While the university has been tracking active COVID cases on an online dashboard, cumulative case counts were not publicly released until the week prior to Halloween. The university does not disclose quarantine numbers on the dashboard.

Murret said quarantine numbers were not included in the university dashboard because the university believed the most critical information for students was “the known active presence of the virus.”

“We designed the dashboard at the beginning of the semester and with two weeks left before students go home for the rest of the year, have opted to continue the way we have been reporting information, rather than make a sudden change that may cause confusion,” Murret said.

A second contact tracer, Tracer B, said students have become increasingly hostile when they get a call.

“Some people just don’t want to be told what to do,” Tracer B said. “They won’t talk to you, they won’t answer their calls, and if they do answer they’re rude.”


Tracer B said she gets cursed out by a student “at least every other day,” and that she has even made calls to students who refused to quarantine, saying they believed COVID-19 was a hoax.

Asia Wong, director of student health, said part of the hope in hiring students to contact trace was to encourage people to cooperate with the process.

“We hope that using peers would help people understand this is not punitive,” Wong said. “This might feel kinder coming from a peer than someone that you don’t relate to at all.”

Tracer B also said she feels there has been a hiccup in the contact tracing department due to the departure of Loyola’s public health coordinator, who left the university last week. The Loyola community was not notified of the leave.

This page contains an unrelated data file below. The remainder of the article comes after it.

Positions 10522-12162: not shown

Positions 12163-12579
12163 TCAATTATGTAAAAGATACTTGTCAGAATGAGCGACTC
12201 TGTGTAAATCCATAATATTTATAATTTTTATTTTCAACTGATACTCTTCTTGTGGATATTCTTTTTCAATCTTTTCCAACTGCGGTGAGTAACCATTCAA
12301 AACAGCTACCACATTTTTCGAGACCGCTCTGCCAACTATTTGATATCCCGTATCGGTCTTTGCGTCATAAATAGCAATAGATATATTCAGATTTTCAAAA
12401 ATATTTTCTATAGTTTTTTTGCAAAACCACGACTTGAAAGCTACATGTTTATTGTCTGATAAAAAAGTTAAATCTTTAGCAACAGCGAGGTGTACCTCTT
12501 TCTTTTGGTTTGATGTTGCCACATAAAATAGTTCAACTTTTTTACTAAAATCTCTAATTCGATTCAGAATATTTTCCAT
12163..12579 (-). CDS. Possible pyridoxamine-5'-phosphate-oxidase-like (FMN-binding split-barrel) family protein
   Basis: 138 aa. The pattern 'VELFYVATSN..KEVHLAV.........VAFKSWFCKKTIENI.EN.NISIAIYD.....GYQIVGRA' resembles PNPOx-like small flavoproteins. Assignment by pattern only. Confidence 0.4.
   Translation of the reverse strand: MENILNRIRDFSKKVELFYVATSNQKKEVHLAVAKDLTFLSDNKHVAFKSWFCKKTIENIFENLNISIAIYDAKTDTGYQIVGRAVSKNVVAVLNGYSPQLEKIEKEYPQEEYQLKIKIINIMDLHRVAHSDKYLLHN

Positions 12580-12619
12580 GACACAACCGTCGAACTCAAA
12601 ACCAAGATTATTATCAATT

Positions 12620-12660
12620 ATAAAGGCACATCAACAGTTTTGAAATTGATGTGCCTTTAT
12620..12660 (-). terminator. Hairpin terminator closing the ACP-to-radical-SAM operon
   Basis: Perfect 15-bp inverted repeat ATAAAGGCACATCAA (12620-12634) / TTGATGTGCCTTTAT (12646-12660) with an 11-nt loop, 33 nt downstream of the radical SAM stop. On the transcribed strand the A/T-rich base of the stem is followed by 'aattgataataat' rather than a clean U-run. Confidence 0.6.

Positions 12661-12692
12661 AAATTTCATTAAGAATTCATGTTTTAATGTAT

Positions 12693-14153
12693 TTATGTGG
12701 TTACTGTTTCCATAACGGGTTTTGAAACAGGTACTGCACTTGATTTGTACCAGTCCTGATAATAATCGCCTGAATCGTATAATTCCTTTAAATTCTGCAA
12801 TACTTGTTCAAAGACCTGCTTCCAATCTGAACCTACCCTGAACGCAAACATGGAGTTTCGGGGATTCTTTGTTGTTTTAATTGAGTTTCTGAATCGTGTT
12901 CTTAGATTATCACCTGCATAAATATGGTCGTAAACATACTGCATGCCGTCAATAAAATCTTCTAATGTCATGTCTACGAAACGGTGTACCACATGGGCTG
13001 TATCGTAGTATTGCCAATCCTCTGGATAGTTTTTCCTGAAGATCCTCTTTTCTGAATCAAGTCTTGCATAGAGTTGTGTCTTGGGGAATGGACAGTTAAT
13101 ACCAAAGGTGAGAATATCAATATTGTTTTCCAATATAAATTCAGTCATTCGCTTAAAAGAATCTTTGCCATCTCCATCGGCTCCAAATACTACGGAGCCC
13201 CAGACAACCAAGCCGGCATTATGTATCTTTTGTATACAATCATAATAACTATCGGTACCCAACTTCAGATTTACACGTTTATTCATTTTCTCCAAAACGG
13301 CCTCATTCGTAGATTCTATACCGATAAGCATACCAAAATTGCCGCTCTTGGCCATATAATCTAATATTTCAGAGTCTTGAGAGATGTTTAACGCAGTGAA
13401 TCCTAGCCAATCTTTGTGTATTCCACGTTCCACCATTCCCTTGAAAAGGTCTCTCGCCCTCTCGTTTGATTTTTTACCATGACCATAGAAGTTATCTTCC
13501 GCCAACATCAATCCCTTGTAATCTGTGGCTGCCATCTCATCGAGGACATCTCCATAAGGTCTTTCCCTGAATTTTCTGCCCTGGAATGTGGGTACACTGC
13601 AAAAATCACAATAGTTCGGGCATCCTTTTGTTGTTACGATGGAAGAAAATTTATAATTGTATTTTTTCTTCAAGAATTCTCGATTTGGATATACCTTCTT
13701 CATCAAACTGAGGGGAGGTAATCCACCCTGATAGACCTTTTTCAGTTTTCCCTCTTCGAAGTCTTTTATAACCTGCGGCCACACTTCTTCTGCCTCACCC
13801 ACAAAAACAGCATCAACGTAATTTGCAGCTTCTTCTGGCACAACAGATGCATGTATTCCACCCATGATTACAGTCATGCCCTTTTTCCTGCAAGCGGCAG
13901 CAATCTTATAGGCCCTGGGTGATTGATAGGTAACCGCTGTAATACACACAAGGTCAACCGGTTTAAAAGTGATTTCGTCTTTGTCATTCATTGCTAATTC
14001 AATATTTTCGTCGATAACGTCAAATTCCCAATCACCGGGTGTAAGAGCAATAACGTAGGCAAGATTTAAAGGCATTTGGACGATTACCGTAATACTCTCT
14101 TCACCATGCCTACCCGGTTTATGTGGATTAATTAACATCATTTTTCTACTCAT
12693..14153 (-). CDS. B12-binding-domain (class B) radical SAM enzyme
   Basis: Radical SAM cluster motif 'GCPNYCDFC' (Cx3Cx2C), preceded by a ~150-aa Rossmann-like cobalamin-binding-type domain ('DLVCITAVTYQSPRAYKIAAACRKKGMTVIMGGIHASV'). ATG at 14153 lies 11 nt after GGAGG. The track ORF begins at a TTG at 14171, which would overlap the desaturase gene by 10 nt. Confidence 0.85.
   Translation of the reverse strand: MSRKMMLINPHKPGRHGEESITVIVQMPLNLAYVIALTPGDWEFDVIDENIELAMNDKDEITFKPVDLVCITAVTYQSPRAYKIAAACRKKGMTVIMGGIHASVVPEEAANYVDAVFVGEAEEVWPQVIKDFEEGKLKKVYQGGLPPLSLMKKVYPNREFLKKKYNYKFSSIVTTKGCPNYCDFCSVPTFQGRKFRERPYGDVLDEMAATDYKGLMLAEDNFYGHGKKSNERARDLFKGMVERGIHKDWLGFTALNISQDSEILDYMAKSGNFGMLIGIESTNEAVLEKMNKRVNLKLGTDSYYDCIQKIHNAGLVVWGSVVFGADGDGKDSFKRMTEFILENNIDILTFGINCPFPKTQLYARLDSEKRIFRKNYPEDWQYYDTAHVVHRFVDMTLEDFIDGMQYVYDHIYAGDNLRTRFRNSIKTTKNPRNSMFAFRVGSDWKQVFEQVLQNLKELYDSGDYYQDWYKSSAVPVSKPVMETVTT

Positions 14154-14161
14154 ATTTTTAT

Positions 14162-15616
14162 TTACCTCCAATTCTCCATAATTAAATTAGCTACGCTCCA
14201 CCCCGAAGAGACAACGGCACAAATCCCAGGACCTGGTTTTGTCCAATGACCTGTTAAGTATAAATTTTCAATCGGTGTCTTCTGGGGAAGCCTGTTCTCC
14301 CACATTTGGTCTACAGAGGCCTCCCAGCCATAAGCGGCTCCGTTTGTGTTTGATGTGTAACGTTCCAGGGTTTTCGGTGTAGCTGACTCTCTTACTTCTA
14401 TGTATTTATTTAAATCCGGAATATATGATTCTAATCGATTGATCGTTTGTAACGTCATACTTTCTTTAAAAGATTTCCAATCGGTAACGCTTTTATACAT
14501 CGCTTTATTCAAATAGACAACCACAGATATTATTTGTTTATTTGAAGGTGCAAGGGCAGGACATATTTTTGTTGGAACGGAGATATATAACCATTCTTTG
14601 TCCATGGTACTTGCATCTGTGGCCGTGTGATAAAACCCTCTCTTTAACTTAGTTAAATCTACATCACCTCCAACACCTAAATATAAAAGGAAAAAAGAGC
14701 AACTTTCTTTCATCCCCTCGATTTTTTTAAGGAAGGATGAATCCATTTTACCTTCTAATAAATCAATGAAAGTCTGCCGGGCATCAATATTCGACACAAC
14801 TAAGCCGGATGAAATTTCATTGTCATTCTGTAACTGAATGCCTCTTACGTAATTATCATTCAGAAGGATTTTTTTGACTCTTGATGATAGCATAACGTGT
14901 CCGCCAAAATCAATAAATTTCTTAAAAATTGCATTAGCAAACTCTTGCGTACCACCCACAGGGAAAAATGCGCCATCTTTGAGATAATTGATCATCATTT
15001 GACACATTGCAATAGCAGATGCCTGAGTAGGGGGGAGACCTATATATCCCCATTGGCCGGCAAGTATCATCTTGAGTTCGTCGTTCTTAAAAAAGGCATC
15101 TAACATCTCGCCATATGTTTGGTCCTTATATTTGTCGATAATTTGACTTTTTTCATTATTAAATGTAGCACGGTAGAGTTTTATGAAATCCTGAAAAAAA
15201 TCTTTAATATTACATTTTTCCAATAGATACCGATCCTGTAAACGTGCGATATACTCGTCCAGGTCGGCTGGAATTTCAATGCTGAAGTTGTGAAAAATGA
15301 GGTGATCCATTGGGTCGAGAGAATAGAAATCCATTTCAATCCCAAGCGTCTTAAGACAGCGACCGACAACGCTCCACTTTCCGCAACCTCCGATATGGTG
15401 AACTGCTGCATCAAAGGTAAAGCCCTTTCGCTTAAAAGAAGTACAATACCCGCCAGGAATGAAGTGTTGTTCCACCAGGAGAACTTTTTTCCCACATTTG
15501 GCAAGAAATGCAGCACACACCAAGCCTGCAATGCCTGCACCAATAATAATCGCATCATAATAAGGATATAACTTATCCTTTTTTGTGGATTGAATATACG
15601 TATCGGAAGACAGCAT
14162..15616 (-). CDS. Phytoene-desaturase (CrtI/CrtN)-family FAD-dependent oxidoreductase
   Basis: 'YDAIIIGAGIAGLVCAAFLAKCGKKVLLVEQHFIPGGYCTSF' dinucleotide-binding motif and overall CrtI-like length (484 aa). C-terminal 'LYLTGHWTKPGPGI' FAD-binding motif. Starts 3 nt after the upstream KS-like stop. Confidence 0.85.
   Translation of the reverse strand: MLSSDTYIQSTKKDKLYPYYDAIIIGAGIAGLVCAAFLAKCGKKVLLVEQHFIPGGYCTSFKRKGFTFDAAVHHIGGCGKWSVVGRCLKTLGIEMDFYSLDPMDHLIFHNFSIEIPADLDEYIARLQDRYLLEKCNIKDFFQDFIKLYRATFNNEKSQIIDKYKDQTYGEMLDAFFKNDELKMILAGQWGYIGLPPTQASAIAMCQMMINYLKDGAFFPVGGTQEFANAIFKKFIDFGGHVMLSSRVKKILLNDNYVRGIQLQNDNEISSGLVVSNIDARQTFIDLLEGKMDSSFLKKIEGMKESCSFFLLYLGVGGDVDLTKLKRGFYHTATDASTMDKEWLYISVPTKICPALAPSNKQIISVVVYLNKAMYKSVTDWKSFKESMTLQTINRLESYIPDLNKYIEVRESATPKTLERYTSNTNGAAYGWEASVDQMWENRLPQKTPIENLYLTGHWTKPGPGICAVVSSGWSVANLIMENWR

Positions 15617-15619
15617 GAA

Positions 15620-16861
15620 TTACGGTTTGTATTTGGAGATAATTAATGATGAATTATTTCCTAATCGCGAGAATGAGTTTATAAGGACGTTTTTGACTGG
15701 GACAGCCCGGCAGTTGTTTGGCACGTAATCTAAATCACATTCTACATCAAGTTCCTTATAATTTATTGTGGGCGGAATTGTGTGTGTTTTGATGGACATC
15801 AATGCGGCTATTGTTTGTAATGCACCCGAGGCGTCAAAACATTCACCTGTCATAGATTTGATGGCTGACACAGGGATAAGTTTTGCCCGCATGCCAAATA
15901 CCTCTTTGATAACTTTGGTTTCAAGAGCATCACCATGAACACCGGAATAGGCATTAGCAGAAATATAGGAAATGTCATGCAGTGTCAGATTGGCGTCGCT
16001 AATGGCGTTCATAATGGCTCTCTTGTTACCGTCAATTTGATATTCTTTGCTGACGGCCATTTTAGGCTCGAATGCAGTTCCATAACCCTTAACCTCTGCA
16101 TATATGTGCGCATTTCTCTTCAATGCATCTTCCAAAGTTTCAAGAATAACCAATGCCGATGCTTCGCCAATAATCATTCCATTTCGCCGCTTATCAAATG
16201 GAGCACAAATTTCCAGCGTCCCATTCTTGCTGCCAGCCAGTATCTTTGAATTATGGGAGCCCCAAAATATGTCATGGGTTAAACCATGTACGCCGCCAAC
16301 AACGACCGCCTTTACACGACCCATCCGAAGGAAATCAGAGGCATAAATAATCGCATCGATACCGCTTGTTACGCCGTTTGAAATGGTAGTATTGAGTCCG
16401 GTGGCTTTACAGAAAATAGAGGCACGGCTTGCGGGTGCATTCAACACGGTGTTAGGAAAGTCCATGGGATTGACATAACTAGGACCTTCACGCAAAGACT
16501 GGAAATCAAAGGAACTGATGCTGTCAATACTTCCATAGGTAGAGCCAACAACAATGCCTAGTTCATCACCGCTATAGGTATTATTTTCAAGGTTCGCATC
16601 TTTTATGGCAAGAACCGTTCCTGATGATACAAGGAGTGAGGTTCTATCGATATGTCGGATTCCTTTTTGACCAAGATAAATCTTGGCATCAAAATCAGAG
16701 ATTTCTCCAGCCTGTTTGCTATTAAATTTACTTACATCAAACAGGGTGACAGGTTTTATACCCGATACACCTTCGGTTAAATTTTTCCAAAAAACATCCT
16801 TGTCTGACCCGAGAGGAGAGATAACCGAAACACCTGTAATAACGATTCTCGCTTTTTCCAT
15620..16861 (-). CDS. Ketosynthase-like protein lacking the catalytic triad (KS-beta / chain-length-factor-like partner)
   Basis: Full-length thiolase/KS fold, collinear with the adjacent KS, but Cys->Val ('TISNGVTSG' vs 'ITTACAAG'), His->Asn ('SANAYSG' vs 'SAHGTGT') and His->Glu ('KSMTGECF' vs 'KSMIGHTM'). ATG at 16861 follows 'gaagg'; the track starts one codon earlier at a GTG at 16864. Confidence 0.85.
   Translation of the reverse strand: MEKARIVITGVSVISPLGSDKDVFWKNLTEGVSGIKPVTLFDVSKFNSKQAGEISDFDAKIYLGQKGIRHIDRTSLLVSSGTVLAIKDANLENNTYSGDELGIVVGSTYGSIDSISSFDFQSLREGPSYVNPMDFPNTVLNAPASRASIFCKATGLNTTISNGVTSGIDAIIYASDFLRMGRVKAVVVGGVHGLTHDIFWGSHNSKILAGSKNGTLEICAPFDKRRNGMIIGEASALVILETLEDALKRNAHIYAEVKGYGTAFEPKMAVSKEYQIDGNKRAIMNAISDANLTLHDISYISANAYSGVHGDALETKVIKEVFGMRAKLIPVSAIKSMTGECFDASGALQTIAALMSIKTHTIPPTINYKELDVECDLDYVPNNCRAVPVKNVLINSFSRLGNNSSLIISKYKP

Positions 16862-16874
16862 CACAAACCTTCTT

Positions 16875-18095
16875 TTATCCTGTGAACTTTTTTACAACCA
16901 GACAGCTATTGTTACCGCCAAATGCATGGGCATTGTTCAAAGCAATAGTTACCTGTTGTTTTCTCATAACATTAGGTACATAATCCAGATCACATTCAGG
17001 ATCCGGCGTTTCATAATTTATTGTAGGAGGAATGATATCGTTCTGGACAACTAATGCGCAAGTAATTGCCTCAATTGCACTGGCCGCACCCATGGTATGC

According to Wong, the university now has two new public health coordinators, but Tracer B said the lapse in leadership felt “chaotic.”

Tracer A agreed that the change in leadership felt sudden and confusing, and said she believes it left a hole where student contact tracers were not held accountable. Over one weekend, she said student contact tracers did not work their shifts and the contacts of students who had tested positive for COVID were not called for four days.

“Some people don’t pull their weight sometimes, but our old boss took care of that,” Tracer B said.

Wong said she perceived the change in staff as a “seamless transition.”

While the number of students in quarantine is high, Wong said the university is not any more concerned about COVID numbers than they have been at other points in the semester, but are concerned that students who are now exposed to the virus may have to quarantine on campus during Thanksgiving break instead of traveling.

“If you are trying to go home, 14 days out was Friday the 5th,” Wong said. “We need a really big push to say that before you go out this weekend, before you go to Bruno’s or TJ Quills, think about what you’re going to do if you test positive.”

As for COVID cases though, Wong believes the Loyola numbers indicate positive things about the behavior of students throughout the semester.

“If you have any questions about that, you can literally look at Tulane’s dashboard,” she said.

Tracer A said that while students have been resisting the contact tracing efforts, she urges students to remember what a return to normal life could look like.

“Especially with the freshman, telling them about Loyola helps. They’re seeing such a small, sad little piece of it, and things will get better,” she said.